Sherman's March in Myth and Memory examines William Tecumseh Sherman's treatment in the press, among historians, on stage and screen, and in literature, from the time of the March to the present day. The authors show us the many ways in which Sherman has been portrayed in the media and popular culture, and how his devastating March has been stamped into our collective memory.
Edward Caudill and Paul Ashdown are professors of journalism and electronic media at the University of Tennessee. They are co-authors of The Myth of Nathan Bedford Forrest (2005) and The Mosby Myth: A Confederate Hero in Life and Legend (2002). Caudill is author of Darwinian Myths: The Legends and Misuses of a Theory (1997) and co-author of The Scopes Trial: A Photographic History (2000). Ashdown is editor of James Agee: Selected Journalism (1985, 2004) and author of A Cold Mountain Companion (2004).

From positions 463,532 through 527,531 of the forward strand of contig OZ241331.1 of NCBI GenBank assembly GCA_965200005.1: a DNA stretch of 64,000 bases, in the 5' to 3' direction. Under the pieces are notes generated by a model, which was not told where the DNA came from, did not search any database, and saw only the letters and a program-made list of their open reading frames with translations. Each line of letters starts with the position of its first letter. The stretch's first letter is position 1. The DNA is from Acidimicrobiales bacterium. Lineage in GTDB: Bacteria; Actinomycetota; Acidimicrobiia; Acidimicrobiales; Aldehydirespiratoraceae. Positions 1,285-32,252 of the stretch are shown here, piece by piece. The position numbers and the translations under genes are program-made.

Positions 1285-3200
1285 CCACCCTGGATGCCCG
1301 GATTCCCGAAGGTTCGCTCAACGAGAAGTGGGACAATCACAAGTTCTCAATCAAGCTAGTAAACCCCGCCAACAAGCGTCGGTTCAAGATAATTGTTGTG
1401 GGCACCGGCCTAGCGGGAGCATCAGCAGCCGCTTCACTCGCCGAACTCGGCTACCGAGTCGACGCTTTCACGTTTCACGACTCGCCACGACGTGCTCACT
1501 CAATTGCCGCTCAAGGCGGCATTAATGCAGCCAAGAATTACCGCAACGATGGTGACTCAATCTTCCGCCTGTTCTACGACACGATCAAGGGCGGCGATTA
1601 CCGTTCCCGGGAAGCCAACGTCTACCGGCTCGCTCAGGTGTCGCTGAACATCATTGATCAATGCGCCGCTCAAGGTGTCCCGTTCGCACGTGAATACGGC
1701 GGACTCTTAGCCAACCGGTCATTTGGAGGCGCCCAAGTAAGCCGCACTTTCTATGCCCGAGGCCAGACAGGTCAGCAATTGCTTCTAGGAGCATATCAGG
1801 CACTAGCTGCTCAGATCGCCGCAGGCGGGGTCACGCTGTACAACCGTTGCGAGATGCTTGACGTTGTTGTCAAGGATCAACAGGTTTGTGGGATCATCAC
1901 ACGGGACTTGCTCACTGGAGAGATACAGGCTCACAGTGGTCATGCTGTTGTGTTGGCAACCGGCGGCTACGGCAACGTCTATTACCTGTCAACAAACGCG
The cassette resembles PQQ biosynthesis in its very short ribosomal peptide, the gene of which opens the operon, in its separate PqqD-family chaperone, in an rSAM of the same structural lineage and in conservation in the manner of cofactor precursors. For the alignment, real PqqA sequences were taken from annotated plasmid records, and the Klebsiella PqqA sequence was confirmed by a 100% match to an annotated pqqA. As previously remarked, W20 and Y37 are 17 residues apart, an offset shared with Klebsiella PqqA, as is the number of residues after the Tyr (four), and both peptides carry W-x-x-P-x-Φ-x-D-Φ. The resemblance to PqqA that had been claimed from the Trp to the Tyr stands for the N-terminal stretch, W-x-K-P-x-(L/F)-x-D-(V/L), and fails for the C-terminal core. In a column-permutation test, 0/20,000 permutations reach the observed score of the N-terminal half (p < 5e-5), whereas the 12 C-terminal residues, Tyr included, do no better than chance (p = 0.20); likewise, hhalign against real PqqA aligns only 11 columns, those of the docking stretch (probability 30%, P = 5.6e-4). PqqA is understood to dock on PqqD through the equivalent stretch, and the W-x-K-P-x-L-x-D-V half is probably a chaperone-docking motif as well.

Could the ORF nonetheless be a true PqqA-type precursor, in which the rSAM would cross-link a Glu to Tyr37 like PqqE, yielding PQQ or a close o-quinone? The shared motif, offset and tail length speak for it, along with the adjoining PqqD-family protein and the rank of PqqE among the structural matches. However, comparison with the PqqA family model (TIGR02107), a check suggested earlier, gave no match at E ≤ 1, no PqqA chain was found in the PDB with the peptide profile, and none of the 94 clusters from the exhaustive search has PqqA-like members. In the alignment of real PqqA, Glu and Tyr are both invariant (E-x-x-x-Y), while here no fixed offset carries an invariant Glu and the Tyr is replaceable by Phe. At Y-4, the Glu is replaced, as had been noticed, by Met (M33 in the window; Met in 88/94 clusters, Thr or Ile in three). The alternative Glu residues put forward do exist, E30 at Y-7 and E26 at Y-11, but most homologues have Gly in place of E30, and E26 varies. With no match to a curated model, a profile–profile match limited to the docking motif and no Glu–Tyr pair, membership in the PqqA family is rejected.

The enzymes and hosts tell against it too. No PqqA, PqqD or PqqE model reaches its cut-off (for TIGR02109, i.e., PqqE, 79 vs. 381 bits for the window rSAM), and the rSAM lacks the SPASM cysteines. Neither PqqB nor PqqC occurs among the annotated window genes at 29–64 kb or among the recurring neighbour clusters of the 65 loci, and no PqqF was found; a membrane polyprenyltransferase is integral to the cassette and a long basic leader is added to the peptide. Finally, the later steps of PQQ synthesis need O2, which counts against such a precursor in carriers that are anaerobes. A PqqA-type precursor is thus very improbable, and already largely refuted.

Chapter 1; Sherman Chapter 2: Industrial Strength Sherman: the Man, the Idea, the Myth Chapter 3: Sherman Among the Historians Chapter 4: Still Marching: Sherman in Literature Chapter 5: Long Remember: Sherman on Stage and Screen, in Song and Poetry Chapter 6: In Sherman's Tracks Chapter 7: The March and Its Myth